“A resolute Waugh instructed Ricky Ponting to go for his big shots, while Waugh targetted across the park himself. He reached a half-century off 47 balls. Between the overs 20 and 30, Australia piled up as many as 82 runs and hence kept the fielding side alert. However, some Proteas players were not as attentive, apparently”
The winners of 1987 and runner’s up of 1996 Cricket World Cup, Australia, found themselves on the verge of elimination in World Cup 1999. Courtesy of their losses to Pakistan and New Zealand, Australia had to win all the matches in Super Six stage of the tournament to qualify for the semi-final.
Following their wins over India and Zimbabwe, Steve Waugh’s Australia side were back into the race but a defeat to South Africa in the next game could end their run in the tournament.
It was a pressure-filled situation for Waugh, who took over the captaincy during the 1997-98 season, but still had not made a mark for himself as an Aussie captain. He was made the captain, keeping in mind a modern team for the 1999 World Cup, as the Australian board chose to drop captain Mark Taylor and his deputy Ian Healy. Waugh’s Australia did not take off instantly. They lost all the four preliminary matches to South Africa in the Tri-Series that also involved New Zealand.
However, once Waugh and the management elevated Adam Gilchrist to the opening, Australia witnessed a change of fate as they ended up winning the series by defeating the same Proteas in the three-final 2-1. The subsequent away ODI series against the West Indies ended in a 3-3 draw in the Caribbean. In the lead up to the 1999 World Cup, Waugh found himself in a struggling phase having scored only 135 runs at 22.50 and taking two wickets at 33.0.
One-time champion, Australia, did not have the best of the starts as they lost two out of their five Group games. On the eve of the do-or-die fixture against South Africa, Waugh once again witnessed a tricky situation in the dressing room where his teammate Shane Warne warned the other Australian members not to walk if they ended up hitting a catch to Herschelle Gibbs. “He has a tendency to flick the ball away before accepting it properly,” Warne said, according to reports.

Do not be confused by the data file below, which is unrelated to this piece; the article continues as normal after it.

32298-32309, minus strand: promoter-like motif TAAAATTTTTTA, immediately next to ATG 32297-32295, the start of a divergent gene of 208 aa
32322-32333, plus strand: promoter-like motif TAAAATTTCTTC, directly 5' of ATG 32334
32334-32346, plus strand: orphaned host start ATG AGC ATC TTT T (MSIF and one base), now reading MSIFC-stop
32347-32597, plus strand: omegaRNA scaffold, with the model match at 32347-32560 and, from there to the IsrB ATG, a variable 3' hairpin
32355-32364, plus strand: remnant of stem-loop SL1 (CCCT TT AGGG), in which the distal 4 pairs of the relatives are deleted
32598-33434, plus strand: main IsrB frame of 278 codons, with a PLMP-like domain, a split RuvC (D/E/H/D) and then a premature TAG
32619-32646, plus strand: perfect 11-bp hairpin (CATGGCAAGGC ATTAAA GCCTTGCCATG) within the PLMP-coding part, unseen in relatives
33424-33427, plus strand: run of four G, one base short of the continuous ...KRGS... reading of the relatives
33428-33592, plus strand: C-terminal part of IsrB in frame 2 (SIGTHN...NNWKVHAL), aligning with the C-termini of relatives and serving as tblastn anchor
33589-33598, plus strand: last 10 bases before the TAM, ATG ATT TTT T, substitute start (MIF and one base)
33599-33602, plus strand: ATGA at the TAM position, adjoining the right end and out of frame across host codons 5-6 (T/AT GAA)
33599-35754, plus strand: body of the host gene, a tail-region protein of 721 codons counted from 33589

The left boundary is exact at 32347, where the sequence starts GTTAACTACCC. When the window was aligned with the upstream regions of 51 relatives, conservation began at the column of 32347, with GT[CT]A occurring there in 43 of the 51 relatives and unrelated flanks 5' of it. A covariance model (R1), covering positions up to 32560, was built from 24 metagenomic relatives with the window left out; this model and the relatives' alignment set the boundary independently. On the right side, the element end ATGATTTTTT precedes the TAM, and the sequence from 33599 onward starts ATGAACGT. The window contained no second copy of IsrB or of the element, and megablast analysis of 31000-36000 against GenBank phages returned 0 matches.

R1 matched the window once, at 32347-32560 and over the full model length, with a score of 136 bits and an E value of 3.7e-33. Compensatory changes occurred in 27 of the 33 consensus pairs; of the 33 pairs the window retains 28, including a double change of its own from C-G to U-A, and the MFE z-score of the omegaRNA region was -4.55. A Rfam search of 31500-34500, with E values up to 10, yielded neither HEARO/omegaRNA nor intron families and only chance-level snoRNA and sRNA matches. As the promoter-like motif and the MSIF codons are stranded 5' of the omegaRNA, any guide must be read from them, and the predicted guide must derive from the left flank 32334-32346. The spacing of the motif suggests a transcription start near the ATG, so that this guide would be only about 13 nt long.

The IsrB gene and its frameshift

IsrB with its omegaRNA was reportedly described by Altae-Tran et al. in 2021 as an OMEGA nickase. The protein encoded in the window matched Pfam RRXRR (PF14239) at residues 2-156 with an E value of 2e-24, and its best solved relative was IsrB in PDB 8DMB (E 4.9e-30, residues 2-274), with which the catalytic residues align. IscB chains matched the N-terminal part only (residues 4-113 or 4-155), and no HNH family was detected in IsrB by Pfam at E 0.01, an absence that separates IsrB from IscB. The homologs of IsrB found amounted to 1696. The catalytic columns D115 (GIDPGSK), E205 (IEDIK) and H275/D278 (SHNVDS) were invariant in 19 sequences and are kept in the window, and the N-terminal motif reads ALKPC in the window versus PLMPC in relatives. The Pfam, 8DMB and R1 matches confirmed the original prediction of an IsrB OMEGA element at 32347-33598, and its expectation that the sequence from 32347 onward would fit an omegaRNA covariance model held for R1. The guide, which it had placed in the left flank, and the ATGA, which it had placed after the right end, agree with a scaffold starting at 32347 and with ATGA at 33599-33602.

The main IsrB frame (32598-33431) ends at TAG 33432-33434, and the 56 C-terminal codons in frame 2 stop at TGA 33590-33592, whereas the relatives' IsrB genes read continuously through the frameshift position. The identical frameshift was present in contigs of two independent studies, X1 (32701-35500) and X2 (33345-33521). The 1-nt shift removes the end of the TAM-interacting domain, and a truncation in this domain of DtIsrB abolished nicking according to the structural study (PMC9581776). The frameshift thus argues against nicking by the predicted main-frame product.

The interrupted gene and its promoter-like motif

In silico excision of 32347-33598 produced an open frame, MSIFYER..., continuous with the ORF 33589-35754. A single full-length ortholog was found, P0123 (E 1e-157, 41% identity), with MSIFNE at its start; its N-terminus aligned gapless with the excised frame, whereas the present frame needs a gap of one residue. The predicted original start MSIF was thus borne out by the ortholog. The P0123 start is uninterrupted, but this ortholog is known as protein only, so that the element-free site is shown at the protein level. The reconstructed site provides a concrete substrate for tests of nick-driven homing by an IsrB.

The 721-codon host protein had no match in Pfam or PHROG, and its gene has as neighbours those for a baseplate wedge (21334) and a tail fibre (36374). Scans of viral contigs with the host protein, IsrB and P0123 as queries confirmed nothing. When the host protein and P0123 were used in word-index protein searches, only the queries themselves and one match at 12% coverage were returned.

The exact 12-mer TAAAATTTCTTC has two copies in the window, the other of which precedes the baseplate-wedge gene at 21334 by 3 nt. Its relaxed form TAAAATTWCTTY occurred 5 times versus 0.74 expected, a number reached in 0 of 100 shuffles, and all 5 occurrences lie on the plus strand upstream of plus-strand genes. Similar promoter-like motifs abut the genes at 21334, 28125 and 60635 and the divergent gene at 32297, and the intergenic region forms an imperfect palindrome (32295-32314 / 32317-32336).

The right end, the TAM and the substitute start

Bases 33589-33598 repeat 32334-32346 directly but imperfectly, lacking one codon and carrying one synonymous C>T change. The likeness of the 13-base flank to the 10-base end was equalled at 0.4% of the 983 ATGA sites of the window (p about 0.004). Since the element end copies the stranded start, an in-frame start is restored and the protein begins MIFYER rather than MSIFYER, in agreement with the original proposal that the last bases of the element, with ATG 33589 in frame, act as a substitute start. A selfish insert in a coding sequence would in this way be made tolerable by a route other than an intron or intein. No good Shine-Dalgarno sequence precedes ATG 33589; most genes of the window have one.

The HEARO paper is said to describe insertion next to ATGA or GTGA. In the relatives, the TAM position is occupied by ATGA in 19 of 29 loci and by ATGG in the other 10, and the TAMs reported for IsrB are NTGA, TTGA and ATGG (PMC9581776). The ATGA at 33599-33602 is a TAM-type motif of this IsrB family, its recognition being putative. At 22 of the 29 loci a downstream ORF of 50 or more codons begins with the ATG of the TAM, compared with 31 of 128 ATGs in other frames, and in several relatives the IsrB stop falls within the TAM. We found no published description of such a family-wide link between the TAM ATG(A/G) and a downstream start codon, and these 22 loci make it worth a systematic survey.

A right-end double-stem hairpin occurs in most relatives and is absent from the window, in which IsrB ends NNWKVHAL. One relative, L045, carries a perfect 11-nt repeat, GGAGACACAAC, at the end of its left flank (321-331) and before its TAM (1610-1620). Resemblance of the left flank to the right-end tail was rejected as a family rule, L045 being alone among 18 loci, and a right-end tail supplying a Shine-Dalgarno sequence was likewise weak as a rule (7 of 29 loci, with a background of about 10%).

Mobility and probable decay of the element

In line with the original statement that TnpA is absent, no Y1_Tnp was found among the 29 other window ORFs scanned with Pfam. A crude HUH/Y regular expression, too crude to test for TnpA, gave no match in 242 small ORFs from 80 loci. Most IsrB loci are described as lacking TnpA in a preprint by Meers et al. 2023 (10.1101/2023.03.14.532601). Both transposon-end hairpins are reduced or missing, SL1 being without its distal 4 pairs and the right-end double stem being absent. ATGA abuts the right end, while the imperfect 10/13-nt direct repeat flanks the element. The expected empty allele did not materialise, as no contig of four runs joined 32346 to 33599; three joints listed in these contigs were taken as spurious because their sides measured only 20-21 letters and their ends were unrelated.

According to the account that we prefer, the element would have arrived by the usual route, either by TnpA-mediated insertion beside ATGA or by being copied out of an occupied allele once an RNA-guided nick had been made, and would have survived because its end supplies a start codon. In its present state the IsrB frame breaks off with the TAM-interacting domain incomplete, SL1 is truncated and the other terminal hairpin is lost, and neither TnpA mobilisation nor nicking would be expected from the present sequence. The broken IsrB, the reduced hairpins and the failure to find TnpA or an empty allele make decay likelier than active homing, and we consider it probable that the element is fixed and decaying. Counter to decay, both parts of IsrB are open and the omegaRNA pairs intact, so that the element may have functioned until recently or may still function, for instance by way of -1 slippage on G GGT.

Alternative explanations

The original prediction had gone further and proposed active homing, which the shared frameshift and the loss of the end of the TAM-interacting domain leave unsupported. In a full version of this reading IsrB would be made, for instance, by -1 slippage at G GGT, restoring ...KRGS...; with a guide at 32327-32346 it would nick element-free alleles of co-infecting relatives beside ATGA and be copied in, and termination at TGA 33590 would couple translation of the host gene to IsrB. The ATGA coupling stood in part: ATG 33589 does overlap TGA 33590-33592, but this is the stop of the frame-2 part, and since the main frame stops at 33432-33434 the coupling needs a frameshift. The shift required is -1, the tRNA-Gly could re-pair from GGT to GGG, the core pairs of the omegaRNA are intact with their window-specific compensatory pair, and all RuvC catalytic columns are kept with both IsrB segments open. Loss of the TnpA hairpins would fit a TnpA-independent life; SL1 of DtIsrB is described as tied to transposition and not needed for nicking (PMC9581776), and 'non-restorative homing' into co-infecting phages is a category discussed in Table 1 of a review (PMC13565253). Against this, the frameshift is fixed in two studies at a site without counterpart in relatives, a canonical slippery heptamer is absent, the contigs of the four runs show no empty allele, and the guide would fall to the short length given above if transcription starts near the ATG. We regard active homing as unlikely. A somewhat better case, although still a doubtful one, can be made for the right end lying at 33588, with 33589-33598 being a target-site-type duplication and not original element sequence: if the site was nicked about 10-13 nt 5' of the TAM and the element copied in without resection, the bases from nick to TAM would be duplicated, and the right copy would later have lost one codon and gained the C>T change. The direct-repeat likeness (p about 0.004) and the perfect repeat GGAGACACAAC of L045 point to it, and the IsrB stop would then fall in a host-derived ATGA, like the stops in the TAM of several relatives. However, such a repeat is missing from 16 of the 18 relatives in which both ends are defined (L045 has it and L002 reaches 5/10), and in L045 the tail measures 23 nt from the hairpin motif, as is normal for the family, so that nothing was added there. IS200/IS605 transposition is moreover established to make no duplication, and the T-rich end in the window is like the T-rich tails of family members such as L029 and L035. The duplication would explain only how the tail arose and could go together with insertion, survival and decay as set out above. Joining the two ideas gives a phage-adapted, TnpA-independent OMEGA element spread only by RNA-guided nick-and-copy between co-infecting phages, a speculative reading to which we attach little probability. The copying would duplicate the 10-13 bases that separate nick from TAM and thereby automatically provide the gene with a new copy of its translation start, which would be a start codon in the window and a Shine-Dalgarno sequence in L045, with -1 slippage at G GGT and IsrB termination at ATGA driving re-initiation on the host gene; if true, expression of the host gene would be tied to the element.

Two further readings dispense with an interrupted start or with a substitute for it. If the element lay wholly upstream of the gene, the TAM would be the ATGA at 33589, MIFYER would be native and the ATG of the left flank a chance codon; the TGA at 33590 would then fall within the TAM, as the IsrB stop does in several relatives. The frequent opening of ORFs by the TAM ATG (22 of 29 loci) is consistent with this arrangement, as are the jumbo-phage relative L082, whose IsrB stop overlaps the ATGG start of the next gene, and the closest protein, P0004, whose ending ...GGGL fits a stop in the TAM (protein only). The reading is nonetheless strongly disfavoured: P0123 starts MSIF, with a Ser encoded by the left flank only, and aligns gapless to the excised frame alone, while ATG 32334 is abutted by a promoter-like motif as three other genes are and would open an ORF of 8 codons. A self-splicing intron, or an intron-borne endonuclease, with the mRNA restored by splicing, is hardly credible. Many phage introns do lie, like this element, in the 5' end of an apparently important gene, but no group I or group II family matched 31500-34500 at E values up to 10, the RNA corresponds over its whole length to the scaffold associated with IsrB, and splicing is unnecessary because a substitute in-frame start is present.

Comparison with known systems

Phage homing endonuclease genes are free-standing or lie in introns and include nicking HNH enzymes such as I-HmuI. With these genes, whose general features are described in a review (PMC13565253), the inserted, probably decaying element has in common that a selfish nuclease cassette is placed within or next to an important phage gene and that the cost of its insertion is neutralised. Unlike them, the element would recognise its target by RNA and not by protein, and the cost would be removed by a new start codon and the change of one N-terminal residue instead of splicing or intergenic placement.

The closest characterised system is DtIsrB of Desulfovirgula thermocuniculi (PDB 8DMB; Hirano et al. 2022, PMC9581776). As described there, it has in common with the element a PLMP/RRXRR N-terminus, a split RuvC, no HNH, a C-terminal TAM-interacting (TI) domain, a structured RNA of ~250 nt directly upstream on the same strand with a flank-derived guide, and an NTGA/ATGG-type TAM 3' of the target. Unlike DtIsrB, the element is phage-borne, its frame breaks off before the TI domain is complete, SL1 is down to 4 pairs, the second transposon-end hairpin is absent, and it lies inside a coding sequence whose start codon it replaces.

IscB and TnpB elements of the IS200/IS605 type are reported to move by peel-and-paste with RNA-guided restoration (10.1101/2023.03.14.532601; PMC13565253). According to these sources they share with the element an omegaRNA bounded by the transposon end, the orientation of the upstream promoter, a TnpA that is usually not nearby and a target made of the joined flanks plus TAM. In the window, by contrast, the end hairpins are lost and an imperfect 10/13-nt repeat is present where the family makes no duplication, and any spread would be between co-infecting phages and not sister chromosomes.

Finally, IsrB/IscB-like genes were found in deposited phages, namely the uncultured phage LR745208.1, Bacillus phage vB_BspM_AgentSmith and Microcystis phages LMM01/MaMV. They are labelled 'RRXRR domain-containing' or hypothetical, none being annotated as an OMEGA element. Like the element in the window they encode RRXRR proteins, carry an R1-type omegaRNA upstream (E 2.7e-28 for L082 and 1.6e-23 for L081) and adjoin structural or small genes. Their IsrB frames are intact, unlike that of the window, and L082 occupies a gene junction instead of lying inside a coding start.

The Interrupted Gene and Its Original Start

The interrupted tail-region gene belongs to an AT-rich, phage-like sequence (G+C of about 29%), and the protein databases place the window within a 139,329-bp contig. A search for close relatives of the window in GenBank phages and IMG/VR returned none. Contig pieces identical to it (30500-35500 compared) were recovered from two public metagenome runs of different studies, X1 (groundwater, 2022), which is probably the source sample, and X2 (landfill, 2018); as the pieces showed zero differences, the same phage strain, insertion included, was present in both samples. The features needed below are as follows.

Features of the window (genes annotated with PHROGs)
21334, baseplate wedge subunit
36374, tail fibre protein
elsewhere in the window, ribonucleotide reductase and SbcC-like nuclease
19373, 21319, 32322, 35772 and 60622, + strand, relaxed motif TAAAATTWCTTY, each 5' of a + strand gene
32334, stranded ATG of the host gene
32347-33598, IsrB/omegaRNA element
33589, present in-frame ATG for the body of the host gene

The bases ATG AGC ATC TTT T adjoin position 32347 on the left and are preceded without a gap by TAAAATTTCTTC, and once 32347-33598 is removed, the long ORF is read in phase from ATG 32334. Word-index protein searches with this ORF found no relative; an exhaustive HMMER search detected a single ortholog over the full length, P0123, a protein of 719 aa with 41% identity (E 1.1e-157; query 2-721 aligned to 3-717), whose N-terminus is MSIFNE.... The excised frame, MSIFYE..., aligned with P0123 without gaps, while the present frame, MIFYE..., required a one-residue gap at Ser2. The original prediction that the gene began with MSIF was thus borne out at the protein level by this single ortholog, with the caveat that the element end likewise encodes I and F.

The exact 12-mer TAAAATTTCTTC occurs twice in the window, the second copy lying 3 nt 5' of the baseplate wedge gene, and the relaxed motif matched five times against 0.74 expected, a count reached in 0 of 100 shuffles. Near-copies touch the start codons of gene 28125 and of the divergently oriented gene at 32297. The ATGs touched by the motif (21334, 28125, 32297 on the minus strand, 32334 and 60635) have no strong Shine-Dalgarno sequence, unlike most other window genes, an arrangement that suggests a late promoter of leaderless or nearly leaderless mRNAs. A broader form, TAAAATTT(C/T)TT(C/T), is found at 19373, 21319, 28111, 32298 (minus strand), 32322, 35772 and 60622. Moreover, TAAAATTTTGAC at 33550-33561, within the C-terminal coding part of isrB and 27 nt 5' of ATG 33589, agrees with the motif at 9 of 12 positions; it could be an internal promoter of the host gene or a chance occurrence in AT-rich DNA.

Although he was greeted with laughs, the situation looked very alarming.
Next morning in Leeds, South Africa won the toss and opted to bat first against Australia. The Proteas, ironically, rode on Gibbs’ 134-ball 101 and powered to 271 for 7 in 50 overs. Opening with Gary Kristen, the two put up 45 runs for the first wicket before the latter was dismissed for 21 from 46 balls. Meanwhile, Gibbs went on to register an excellent World Cup century and en route that, he smashed six and 10 boundaries.
Australia’s response to Gibbs’ century was a bit drab as Gilchrist was bowled, Mark Waugh run out, and Damien Martyn lobbed a catch to mid-on. When Waugh walked in at 48 for 3, Australia’s hope of saving the match looked in shambles and that’s when Gibbs taunted the Aussies, “Let’s see how he takes the pressure now.”
A resolute Waugh instructed Ricky Ponting to go for his big shots, while Waugh targetted across the park himself. He reached a half-century off 47 balls. Between the overs 20 and 30, Australia piled up as many as 82 runs and hence kept the fielding side alert. However, some Proteas players were not as attentive, apparently.
When Waugh was on 56 and Australia had 152 runs on the board, he flicked a ball from Lance Klusener to midwicket. Gibbs, who took the catch, dropped it in anxiety to celebrate by launching the ball skyward.
The Aussie skipper went on to give back Gibbs for the latter’s earlier comment, by saying, “I hope you realise that you’ve just lost the game for your team.”
From there on, the Proteas bowlers failed with whatever they had tried. On a bouncy pitch, the worst-hit the pair of Hansie Cronje and Boje who, in the absence of Kallis with an abdominal strain, had to chip in with bowling 10 overs, that yielded 79 runs. The South African skipper Cronje brought back Donald and Pollock, who returned with some terrific display of bowling at the end but were not good enough to stop Australia’s momentum.
Waugh, who raced to 120 in 110 balls, only his second century in 266 ODIs, remained unbeaten as his captain’s knock kept Australia’s campaign alive as they clinched a five-wicket victory with two balls to spare.
Australia advanced to the semi-finals.
Thanks to captain Steve Waugh!